Skip to content

Picking the Right Osteoporosis Medicine for You

Here are 6 types of osteoporosis medicine to consider.

No. 1: Bisphosphonates: Fosamax, Actonel, Boniva, Zoledronic Acid (Reclast or Zometa) continued...

The Dosing Options: There's lots of flexibility in taking bisphosphonates -- depending on whether you want to take osteoporosis medicine daily, weekly, monthly -- or get a once-a-year intravenous (IV)treatment in your doctor's office.

The options:

  • Fosamax can be taken daily or weekly in pill form.
  • Liquid Fosamax can be taken weekly.
  • Actonel can be taken daily, weekly, or monthly.
  • Boniva can be taken once a day or monthly in pill form.
  • An intravenous (IV) form of Boniva can be given once yearly.
  • Reclast or Zometa is a once-yearly IV infusion treatment.

An IV infusion involves a needle in your arm and a drip bag -- just like you get in a hospital. While it may sound like a slightly extreme way to get a medication, it has its advantages. "The IV drug goes directly to the bone, bypassing the GI tract entirely," Scopelitis says.

The procedure itself takes about five minutes for Boniva and 15 minutes for Reclast -- and you're done for the year. "It can be a practical option for some patients," Tanner says.

The Pill Regimen: Taking osteoporosis medicine in pill form is serious business. You don't just pop the pill. You must follow specific guidelines.

  • The drugs must be taken first thing in the morning -- on an empty stomach.
  • You cannot sit or lie down after taking it.
  • You cannot eat or drink anything.
  • You must wait for 30 to 60 minutes for the body to absorb the medicine.
  • When that time period is over, you can take other medications.

The longer you wait before putting something in your stomach, the better chance the osteoporosis medicine will be absorbed. "Your stomach has to be empty," says Scopelitis. "You have to make sure there is no competition in the GI tract for the drug." You can take other medications later that morning -- but not before taking the osteoporosis medicine.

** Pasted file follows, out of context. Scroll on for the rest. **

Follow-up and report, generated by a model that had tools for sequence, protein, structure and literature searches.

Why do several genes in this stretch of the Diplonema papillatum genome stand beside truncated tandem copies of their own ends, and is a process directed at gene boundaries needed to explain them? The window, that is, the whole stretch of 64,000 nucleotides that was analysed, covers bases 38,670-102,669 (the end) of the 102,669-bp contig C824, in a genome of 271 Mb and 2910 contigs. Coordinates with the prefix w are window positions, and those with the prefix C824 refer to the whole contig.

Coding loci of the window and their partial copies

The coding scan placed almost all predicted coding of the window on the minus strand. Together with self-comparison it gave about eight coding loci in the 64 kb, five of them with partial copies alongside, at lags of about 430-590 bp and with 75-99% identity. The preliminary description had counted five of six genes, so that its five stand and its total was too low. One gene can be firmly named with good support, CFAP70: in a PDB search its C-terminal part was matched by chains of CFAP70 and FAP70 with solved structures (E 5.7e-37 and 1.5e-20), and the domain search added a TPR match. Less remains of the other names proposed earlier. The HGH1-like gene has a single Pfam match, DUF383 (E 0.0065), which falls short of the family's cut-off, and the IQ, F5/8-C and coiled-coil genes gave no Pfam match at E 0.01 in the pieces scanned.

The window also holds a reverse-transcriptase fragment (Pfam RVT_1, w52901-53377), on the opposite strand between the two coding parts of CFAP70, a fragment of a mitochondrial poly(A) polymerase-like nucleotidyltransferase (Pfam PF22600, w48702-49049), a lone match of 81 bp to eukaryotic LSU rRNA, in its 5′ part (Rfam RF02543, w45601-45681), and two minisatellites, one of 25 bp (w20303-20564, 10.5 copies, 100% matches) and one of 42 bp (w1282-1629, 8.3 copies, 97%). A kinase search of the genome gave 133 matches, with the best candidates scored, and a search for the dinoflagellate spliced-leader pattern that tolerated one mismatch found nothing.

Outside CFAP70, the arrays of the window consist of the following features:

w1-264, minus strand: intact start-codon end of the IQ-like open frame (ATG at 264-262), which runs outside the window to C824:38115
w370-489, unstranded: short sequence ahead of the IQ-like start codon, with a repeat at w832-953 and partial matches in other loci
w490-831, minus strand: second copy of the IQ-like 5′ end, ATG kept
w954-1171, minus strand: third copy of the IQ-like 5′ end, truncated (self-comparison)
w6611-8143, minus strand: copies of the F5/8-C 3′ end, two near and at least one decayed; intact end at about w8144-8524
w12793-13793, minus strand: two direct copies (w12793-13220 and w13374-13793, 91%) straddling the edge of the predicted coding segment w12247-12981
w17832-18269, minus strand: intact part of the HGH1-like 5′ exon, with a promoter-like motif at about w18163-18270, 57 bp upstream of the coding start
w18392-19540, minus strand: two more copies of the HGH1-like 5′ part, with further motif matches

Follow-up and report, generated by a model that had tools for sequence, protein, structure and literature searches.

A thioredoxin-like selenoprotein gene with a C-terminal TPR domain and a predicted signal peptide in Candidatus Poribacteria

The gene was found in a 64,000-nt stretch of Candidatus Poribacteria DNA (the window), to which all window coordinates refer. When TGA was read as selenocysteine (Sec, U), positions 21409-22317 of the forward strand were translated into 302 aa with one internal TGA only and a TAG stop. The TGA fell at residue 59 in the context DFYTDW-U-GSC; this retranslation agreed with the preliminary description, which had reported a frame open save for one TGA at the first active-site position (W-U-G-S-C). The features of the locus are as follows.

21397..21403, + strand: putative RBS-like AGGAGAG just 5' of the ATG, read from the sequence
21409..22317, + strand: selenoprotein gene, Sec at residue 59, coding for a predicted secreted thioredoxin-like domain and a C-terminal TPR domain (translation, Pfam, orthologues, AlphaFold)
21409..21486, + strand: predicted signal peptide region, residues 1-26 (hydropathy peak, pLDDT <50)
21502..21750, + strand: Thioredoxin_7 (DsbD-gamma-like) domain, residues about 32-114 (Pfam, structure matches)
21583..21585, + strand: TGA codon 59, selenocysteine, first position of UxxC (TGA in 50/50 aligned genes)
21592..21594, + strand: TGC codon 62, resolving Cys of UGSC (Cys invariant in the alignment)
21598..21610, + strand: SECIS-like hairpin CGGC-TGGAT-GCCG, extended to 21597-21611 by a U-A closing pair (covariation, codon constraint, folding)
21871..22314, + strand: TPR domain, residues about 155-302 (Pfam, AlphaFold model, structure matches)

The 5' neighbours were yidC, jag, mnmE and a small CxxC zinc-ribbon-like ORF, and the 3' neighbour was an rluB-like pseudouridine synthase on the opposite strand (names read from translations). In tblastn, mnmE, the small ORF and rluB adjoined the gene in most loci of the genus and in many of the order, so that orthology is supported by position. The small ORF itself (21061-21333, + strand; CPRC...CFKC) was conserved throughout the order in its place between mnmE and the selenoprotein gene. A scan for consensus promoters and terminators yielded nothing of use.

This intense regimen is important, explains Thacker, because very little of the drug is actually absorbed by the body. The body absorbs only about 1% of the drug -- "so you have to make sure you get the most from every dose," she says.

Weighing the Options: When deciding about bisphosphonates, ask yourself these eight questions:

  1. How frequently do you want to take an osteoporosis medicine?
  2. Will you really remember to take it?
  3. Will you follow the morning regimen for taking the pills?
  4. Are you taking other medications regularly?
  5. Do you have any GI problems?
  6. Do you have difficulty swallowing?
  7. Would you rather have a once-yearly treatment?
  8. What osteoporosis medicine does your insurance cover?

Pill-form bisphosphonates are not advised for people with GI problems like gastritis or ulcers -- or for people with serious esophageal problems like stricture. "We want to make sure patients absorb the drug," says Thacker. "If they have those conditions, they really need to consider an IV."

Next Article:

Osteoporosis Glossary

  • Bone Mineral Density - A measurement of the amount of calcium and minerals in bone tissue.
  • Calcium - A mineral in (and vital to) your bones. If your body lacks calcium, it takes it from bones.
  • DEXA (dual energy X-ray absorptiometry) - a test used to measure bone mineral density.
  • Osteoporosis - A decrease in bone density, which increase the risk of fractures.
  • Vitamin D - A vitamin that helps your body absorb calcium.
  • View All Terms

How do you exercise for strong bones?